In Her Majesty’s wineglass

Summer is soon going to fade. The temperatures are dropping, the sun hangs deep in the sky, and everything smells of autumnal mists and mellow fruitfulness. For Kristin Langmann, it’s beginning again – the most exciting time of the year: the grape harvest. Kristin is the Franconian Wine Queen, and since her childhood her life has been interwoven with oenological delights – she didn’t start savouring them until she was old enough, but as the daughter of a vintner you grow up with the vines and the lifestyle that comes with them. We talked to the beautiful representative of Franconian wine – to heighten anticipation of the harvest for the 2015 vintage. And we also find out what Her Majesty prefers to savour in her own wineglass.

Tell us a bit about yourself: how and why did you come to be a Wine Queen?

I come from a wine-growing family. For more than 50 years now, we’ve been members of Franconia’s biggest winegrowers’ cooperative, the GWF (Franconian Winegrowers’ Cooperative). Our grapes are vinified by our Winegrowers’ Cooperative in Repperndorf. So I grew up surrounded by viticulture and vineyards. What’s more, for two years (2012 – 2014) I was the Wine Princess of Bullenheim, which is where our vines are located, so that gave me some initial experience of representing a wine-growing community. It was a real pleasure to travel around promoting Franconian wine and enthusing people for our regional product. That’s why I applied for the position of Franconian Wine Queen.

Does a Wine Queen have more work to do when the grape harvest approaches?

As the Franconian Wine Queen, l have around 400 appointments in the year. This involves a lot of travelling, and I no longer have much time to help out in the vineyards. There’s a whole lot of work to do in the vineyards all the year round. But you’re right, the grape harvest is the annual highlight for the wine-growers, the reward for a whole year of hard work. It’s a wonderful feeling when you harvest the healthy ripe grapes for which you’ve toiled in the vineyard all through the year.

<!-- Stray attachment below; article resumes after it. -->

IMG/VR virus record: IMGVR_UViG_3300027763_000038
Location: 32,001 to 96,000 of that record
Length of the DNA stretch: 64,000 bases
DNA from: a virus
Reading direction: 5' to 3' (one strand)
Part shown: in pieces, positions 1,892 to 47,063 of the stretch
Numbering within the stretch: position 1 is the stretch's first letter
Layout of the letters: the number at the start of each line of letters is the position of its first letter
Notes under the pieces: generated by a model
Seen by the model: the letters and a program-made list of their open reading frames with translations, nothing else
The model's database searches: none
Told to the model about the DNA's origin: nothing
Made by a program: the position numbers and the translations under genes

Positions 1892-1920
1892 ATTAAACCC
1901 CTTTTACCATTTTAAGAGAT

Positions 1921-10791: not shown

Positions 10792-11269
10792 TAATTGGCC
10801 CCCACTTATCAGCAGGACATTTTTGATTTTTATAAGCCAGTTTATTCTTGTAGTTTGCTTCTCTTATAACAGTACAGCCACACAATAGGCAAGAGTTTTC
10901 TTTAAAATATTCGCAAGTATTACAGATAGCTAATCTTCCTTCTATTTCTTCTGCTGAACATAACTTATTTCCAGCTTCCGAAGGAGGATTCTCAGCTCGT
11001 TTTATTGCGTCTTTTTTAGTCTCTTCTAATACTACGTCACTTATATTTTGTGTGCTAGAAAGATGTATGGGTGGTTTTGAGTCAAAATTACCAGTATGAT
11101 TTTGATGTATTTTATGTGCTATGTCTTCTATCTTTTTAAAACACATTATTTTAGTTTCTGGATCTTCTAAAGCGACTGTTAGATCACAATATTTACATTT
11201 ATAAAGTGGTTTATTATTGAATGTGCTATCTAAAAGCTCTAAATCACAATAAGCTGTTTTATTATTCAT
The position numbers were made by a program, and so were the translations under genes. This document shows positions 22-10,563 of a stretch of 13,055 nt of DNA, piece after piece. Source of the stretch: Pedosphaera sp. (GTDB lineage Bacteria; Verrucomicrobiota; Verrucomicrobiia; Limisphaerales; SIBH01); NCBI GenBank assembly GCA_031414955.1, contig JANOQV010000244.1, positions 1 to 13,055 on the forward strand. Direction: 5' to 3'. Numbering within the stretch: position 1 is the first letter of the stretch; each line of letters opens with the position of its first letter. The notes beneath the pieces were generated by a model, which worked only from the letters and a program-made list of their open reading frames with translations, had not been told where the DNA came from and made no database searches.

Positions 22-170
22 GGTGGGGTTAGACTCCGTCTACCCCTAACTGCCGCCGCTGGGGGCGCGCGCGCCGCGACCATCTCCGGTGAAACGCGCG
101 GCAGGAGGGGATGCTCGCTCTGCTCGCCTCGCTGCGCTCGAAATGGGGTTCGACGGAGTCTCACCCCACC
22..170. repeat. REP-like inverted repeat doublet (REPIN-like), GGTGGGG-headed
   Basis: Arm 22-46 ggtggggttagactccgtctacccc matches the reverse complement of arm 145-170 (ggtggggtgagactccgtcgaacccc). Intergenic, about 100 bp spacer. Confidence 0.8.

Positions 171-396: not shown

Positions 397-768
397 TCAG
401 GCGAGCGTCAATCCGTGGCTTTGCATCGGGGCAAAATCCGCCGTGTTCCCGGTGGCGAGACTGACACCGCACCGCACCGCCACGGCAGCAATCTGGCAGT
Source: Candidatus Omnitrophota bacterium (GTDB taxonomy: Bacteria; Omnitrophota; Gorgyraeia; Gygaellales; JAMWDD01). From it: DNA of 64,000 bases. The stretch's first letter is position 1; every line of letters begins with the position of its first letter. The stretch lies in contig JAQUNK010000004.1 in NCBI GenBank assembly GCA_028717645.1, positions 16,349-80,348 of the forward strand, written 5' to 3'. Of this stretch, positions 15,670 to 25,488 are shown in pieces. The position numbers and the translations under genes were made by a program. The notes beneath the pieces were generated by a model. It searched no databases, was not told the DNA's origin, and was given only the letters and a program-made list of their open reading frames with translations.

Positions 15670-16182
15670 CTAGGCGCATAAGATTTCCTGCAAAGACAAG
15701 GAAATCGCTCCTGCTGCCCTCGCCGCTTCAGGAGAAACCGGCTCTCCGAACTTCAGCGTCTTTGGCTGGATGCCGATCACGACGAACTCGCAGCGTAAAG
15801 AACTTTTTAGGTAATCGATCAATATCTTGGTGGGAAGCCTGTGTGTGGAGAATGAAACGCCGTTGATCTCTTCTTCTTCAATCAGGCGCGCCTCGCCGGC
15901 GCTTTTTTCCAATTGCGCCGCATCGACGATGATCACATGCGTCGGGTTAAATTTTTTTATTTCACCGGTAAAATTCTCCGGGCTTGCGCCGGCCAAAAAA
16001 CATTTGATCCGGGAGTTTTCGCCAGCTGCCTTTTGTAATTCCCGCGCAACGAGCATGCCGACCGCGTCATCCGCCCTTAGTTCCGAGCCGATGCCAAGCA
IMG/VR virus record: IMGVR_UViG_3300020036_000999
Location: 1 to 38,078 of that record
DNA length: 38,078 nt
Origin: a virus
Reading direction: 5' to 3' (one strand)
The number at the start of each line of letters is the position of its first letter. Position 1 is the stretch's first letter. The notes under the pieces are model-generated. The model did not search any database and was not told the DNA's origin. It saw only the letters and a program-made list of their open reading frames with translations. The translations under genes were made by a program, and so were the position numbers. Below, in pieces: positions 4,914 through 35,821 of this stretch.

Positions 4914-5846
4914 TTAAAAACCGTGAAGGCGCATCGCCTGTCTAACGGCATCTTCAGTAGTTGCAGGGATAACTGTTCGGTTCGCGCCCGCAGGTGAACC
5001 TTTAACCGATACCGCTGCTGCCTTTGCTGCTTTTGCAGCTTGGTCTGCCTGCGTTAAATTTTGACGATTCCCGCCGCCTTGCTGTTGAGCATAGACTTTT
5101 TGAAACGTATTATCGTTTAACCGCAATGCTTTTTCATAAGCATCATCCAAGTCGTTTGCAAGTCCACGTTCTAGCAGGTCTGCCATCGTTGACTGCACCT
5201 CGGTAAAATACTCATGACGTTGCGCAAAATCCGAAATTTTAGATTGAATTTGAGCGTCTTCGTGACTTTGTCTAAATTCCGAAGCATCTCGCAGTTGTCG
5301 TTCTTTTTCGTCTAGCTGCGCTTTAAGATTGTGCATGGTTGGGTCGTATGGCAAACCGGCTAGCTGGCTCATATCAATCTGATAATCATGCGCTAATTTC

Source: Fränk. Weinbauverband/Daniel Biscan

Do you have any personal favourites when it comes to wine?

The variety I like best is Scheurebe. To go with food, though, I prefer a Silvaner.

What are the challenges that Franconia’s wine-growers are facing nowadays?

We’re meanwhile being affected by the consequences of climate change. Currently, the weather is too dry. The wine-growers are having to develop long-term strategies here to ensure that the vines don’t suffer any drought damage, and stay healthy into the next year. This includes installing a watering system, for instance. What’s more, the wine-growers contribute towards development in the rural areas. Tourists are attracted to Franconia by our viticulture and the scenic beauties of the serried vineyards. And these tourists support the local catering trade, the region’s butchers and bakers. I should perhaps add that the wine-growers have to intensify their efforts at customer bonding. Present-day customers have higher expectations, which is many wine-growers are offering additional services, like rustic taverns, guest-rooms or hotels. In addition, wine-growers have to showcase their wares on the internet. A website needs continuous updating, so today’s wine-growers are well advised to come up with some good marketing strategies. Customers are inquisitive, you know, and like to taste several different wines; they no longer have just one vintner they patronise the way they used to. What’s more, today’s customers are better informed and hungrier for knowledge.